Doubt is not an insurmountable obstacle, but it is a tiring one. I will take inspiration from Philippe Petit, someone who I believe cannot know doubt, and Miao Miao, who is very, very good at what she is without worry (see below, warming paws under my radiator), as I continue my reading.

Bodies That Matter, What Matters Ubuntu

On today’s docket, I am reading Judith Butler’s Bodies That Matter, which I’ve read the introduction to before, but not the entire volume. As an experiment, I am going to read it standing up, not to get any better insight into her argument or enviable prose, but to get up and move around while I’m reading. It occurred to me this morning that I’ve spent a whole heck of a lot of time sitting down while I’ve been reading for my exams. Thus, I think it’s about time to get off my keister.

Between reading and standing, I’m reinstalling Ubuntu on my desktop. The installation got foobared about a week ago when I tried changing my account password prior to installing some updates. I don’t know exactly what precipitated the problem, but after rebooting from the updates, the OS would load the desktop image and mouse following login authentication and then nothing else. I could load the ctrl-alt-del screen, but that was all. Ubuntu is back up now, but I need to reinstall a bunch of apps.

Oh, and I did some polyurethane painting on a special surprise for Lyndsay and John this weekend. Stand up!

PhD Exam Reading List Progress Thus Far

I’ve been working my ass off preparing for my PhD exams, but the numbers are saying that I haven’t done as much reading as I had thought. After finishing Alan Wilde’s Horizons of Assent a few moments ago, I decided to crunch the numbers on the number of books that I had read on my reading list. Here’s how it shakes out:

Major Exam, 20th Century American Literature, 27/59, 32 remaining

Minor Exam, Postmodern Theory, 15/29, 14 remaining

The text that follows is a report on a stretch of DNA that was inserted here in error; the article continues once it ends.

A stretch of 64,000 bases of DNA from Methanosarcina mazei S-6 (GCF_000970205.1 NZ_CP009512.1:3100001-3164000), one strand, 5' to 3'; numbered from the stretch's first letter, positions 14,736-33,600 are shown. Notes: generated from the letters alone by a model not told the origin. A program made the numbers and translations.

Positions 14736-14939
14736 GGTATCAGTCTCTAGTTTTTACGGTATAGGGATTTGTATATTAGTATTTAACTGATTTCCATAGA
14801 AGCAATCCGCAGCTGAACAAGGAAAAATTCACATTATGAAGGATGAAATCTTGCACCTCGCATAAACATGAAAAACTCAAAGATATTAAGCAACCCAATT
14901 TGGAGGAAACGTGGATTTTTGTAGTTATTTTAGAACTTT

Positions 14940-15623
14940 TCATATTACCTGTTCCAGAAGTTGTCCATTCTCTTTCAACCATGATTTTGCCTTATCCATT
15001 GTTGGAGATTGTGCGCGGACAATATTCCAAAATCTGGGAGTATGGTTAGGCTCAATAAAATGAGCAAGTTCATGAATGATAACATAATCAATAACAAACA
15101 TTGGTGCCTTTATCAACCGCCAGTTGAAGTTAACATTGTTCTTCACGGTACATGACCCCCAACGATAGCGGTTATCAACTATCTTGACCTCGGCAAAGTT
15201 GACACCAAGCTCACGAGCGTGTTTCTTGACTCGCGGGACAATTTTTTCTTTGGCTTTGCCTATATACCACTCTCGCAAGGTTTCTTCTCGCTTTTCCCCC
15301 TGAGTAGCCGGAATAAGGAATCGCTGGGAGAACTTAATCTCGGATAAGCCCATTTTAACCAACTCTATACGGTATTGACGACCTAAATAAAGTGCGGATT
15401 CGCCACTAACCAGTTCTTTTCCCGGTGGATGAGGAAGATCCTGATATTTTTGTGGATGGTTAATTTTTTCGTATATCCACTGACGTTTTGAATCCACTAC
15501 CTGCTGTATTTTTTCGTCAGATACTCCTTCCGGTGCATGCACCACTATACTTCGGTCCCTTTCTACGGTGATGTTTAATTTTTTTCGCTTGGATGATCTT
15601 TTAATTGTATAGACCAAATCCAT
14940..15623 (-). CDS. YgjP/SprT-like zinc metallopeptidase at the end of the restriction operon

Minor Exam, Philip K. Dick, 14/45, 31 remaining

Total read, 56/133, 77 remaining

I checked off 14 authors over the winter break between semesters (some of these ‘numbers’ include several short works by one author), and I am hopeful that having only one class to teach this coming semester will allow me the time and attention necessary to properly prepare myself for my exams (including my French language exam).

I would probably get a lot of reading done if I locked myself in the University of Pittsburgh’s Cathedral of Learning (interior pictured above) and asked Yufang to bring me a picnic basket everyday, which I suspect will contain a sleepy Miao Miao cat who ate all of my food! Admittedly, that’s too far away, so I’ll sequester myself in my office. I do, however, need to venture out now to take the trash out and get some sleep. Adieu.

Reading and Legos As the Snow Falls On

We’ve been experiencing a lot of lake effect snow up here in NE Ohio, so I’ve had no good excuse to avoid reading by going outside. In the past week, I’ve knocked out Michel de Certeau’s The Practice of Everyday Life, a few Flannery O’Connor stories, and Vladimir Nabokov’s Lolita. Oh, and I read Philip K. Dick’s Puttering About in a Small Land and wrote a review of it for SFRA Review.